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How To Write Great Charts!


Chart writing can make learning or navigating a lot of music quicker and easier. Especially if you don’t have a lot of time to learn the music in the first place. This can save you time (and money) in a variety of situations, whether you’re leading an ensemble or performing in one. This month’s blog post is going to show you some ways to help you write smarter charts and give you some clues as to the charts you might encounter in your music career.

First, let’s figure out what situations might arise for why you might need to write a chart. Here are some that I have encountered that you might have to deal with too.

As a sideman……

-You get too many songs (recordings or a list of titles) that make it difficult to memorize everything.

-You get called last minute and there isn’t enough time to find a chart online.

-You play as a sideman for several bands and need to keep the tunes straight.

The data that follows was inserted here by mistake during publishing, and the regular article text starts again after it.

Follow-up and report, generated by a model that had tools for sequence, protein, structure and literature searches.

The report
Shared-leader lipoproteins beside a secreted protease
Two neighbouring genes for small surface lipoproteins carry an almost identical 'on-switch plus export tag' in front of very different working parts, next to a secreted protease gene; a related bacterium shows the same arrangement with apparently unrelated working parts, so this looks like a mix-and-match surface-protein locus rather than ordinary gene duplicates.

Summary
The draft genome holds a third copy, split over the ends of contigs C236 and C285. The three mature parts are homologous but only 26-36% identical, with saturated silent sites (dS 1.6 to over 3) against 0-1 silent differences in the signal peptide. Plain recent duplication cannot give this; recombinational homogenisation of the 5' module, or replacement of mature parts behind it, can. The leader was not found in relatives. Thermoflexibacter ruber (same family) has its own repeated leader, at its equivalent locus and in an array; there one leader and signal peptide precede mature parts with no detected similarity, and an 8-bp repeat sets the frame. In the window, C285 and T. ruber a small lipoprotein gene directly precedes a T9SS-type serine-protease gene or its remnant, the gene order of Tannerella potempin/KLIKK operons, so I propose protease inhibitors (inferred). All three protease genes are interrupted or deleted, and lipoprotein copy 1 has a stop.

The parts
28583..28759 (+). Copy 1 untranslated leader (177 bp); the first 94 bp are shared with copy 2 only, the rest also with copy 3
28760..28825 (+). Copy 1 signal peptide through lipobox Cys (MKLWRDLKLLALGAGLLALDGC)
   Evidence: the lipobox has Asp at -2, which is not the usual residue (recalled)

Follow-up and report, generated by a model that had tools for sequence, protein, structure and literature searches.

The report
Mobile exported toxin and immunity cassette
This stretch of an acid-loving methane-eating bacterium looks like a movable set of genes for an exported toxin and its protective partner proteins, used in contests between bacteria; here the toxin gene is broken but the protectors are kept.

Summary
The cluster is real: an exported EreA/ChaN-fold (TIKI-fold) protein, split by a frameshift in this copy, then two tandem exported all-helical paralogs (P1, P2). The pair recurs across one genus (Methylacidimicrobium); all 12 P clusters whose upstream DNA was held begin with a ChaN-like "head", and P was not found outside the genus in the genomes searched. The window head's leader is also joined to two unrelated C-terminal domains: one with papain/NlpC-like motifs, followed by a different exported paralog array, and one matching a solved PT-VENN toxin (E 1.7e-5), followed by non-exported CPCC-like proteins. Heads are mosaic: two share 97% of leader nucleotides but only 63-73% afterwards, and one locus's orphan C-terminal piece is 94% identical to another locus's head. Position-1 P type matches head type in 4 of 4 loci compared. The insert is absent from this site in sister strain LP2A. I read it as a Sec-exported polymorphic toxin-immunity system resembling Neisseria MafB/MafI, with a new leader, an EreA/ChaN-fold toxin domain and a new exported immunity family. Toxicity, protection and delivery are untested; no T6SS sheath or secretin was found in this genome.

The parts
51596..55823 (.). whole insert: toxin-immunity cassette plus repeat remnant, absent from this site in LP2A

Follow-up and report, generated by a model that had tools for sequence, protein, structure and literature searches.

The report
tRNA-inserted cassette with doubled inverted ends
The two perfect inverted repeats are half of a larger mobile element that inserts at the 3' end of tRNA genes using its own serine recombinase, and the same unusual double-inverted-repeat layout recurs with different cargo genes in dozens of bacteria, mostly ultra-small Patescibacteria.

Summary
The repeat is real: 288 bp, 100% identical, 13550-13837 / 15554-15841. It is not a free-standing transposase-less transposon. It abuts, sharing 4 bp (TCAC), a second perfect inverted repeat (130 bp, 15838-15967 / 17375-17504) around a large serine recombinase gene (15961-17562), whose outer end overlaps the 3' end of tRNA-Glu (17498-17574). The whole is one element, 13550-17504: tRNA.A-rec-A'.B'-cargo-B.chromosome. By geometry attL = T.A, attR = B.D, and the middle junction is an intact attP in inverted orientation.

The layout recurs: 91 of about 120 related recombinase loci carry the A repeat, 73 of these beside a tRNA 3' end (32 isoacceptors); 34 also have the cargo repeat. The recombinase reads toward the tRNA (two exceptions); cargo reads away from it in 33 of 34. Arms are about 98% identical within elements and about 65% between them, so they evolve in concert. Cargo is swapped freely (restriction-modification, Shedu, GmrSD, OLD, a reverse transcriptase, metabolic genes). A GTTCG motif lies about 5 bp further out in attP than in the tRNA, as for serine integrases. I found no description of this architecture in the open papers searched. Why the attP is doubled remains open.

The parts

-You have to play the music exactly like the recording.

-You are called for a recording session (jingle or otherwise) and need to play along with other instruments already recorded.

-You are playing with a National touring act who has a large catalog you need to learn without a rehearsal.

-You get another instrument chart (or lead sheet) and need to write a part for yourself (your instrument’s part is unavailable).

As a bandleader….

-You have many musicians performing with you and none of them have played the song before.

-You’re recording and need the music played right immediately (because you’re paying by the hour).

-You are recording and want the engineer, producer or other musicians to be able to follow along with the form of the song.

-You have a song you are performing (or wrote) that has many tricky sections and/or time signature changes (odd meters).

-You constantly have subs or different musicians rotating through and they have to read from a book of charts with little to no rehearsals.